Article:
So that there are things that the occupier can do and things cannot do. One of them, you cannot transfer part of your population from your land to the occupied territory to build settlements. That is illegal. They say to us all the time in the Security Council – in fact, there is a unanimous position on the illegality of settlements- they tell us it is illegal, an obstacle to peace but they don’t tell us in the Security Council what are they going to do about Israel conducting itself in this illegal manner. Meaning, they tell us we have in the books law to say it is illegal to steal or to kill and we know that there are killers and thieves, but they don’t tell us what they’re going to do with those killers and thieves when they violate the law, and here I am referring for example in the case of settlement. So, their strategy is to create illegal facts on the ground–illegal– and without being held accountable because there’s a powerful country, particularly in the Security Council that is shielding them and protecting them from accountability too. SO, they don’t care what the U.N. does and they continue in this illegal behavior.

So, our strategy has been for– I don’t know how many–years, at least the last five, six or longer, you create illegal facts on the ground. Our people are steadfast, staying on their land, they’re resisting peacefully. A shining example of what our people do every week, in a village by the name of Bil’in, in which they struggle peacefully with pacifists from Israel, with internationals in order to push the wall away from their land of the village and to liberate more of their land, which is their land, and to push the wall to be close to the Green Line. And, there are many examples of struggles of our people in the occupied territory. But in our, in my field, at the United Nations, the strategy has been, “Okay, you are creating a legal fact on the ground.” I want to create legal, diplomatic, political facts at the international arena. And this why we decided in 2011 and 2012 to go to the general assembly to legislate the recognition of the state of Palestine on the borders of 1967 with East Jerusalem as its capital and to change the status to an observer state, meaning that we resolve the issue whether the state of Palestine exists or not.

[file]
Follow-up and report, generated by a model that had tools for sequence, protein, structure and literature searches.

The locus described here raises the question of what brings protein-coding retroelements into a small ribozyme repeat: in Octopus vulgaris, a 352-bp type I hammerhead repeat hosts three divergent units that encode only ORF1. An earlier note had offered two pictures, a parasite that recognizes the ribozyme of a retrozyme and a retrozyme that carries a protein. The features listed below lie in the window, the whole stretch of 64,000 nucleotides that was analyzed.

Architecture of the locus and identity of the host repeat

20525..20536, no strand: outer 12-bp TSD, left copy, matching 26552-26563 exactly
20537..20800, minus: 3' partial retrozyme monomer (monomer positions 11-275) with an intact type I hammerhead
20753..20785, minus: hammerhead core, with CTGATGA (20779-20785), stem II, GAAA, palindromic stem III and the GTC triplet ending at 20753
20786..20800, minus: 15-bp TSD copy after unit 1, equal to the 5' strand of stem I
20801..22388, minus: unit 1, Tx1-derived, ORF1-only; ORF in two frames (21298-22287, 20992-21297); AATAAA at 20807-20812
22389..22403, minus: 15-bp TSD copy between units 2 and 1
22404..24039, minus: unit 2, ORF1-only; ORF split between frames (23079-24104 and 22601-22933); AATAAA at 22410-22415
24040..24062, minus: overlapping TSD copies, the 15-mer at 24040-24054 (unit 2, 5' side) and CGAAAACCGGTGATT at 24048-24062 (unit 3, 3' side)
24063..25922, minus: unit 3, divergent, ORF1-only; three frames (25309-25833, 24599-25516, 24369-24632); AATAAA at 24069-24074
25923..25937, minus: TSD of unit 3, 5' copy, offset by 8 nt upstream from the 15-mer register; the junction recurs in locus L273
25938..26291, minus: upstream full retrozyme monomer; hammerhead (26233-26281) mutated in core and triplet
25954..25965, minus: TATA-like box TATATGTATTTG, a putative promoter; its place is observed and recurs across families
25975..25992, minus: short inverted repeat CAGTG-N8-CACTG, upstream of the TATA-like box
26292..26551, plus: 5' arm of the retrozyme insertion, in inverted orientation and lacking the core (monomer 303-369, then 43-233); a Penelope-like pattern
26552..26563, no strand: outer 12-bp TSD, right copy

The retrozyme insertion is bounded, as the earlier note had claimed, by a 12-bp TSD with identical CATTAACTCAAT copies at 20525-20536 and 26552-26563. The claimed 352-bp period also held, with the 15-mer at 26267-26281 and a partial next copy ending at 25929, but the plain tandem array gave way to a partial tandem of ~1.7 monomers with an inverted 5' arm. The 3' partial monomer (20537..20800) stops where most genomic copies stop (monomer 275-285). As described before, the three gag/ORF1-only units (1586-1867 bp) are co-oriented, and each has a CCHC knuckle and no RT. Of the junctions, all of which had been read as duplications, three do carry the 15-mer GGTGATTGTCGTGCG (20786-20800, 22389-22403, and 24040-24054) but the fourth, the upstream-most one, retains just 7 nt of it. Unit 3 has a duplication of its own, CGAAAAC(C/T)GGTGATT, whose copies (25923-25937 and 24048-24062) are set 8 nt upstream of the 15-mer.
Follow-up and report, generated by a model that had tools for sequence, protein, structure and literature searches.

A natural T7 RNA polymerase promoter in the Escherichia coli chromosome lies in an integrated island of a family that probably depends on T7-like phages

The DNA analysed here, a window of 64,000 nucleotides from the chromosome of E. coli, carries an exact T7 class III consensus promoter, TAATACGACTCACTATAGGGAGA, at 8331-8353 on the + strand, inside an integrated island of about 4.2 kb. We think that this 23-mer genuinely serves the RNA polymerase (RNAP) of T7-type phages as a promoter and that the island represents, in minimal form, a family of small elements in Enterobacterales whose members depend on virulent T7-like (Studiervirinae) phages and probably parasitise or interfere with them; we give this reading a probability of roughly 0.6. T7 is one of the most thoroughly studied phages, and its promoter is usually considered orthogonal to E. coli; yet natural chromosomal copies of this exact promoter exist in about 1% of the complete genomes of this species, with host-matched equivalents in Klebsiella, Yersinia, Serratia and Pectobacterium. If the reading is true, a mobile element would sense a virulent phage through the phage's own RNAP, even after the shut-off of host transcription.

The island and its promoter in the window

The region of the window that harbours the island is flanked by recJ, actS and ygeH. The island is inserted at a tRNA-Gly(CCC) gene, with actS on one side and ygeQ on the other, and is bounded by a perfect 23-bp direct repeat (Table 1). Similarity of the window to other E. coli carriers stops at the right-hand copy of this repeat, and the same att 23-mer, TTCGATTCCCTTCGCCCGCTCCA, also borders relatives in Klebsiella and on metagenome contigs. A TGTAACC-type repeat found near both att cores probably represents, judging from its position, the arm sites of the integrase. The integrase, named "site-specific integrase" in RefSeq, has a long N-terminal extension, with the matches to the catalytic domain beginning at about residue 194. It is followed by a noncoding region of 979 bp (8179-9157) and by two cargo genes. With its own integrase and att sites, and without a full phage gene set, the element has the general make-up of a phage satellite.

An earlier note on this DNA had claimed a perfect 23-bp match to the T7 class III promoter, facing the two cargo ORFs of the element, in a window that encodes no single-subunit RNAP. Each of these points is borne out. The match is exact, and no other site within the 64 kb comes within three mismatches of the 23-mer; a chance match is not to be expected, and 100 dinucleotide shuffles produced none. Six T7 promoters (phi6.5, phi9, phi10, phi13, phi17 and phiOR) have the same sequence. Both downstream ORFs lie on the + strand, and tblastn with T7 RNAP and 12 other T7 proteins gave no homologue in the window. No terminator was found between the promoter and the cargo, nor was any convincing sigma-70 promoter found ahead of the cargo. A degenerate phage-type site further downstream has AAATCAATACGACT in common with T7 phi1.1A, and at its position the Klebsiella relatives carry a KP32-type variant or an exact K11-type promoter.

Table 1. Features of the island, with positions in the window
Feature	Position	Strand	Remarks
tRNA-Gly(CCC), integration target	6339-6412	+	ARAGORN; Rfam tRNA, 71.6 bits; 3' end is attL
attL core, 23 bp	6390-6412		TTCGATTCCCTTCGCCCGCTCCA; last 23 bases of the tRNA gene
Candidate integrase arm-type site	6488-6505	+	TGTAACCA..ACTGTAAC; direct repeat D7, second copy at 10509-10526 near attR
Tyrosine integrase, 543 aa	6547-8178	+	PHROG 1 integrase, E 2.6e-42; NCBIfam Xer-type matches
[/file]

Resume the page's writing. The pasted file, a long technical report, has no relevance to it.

So, we require the recognition of more than two-thirds majority at the international level in the U.N. to recognize the state of Palestine and therefore to change the status to an observer state. That opened the door for us to join many treaties and conventions, including the international Criminal Court. So, while they are creating illegal facts on the ground, we create legal facts by becoming equal as a state party in so many things, like the climate change, the law of the sea, the whole package of human rights, the right of women, of children, the right of the disabled, and so on and so forth. They fight us and even they accuse us of what we’re doing. They call this diplomatic terrorism, and their actions, which is a blunt, clear violation of the law and they should be held accountable for it, including committing war crimes because according to statutes of the I.C.C., the International Criminal Court, if you transfer part of your civilian population and plant them on the land of the occupied territory, it’s a war crime.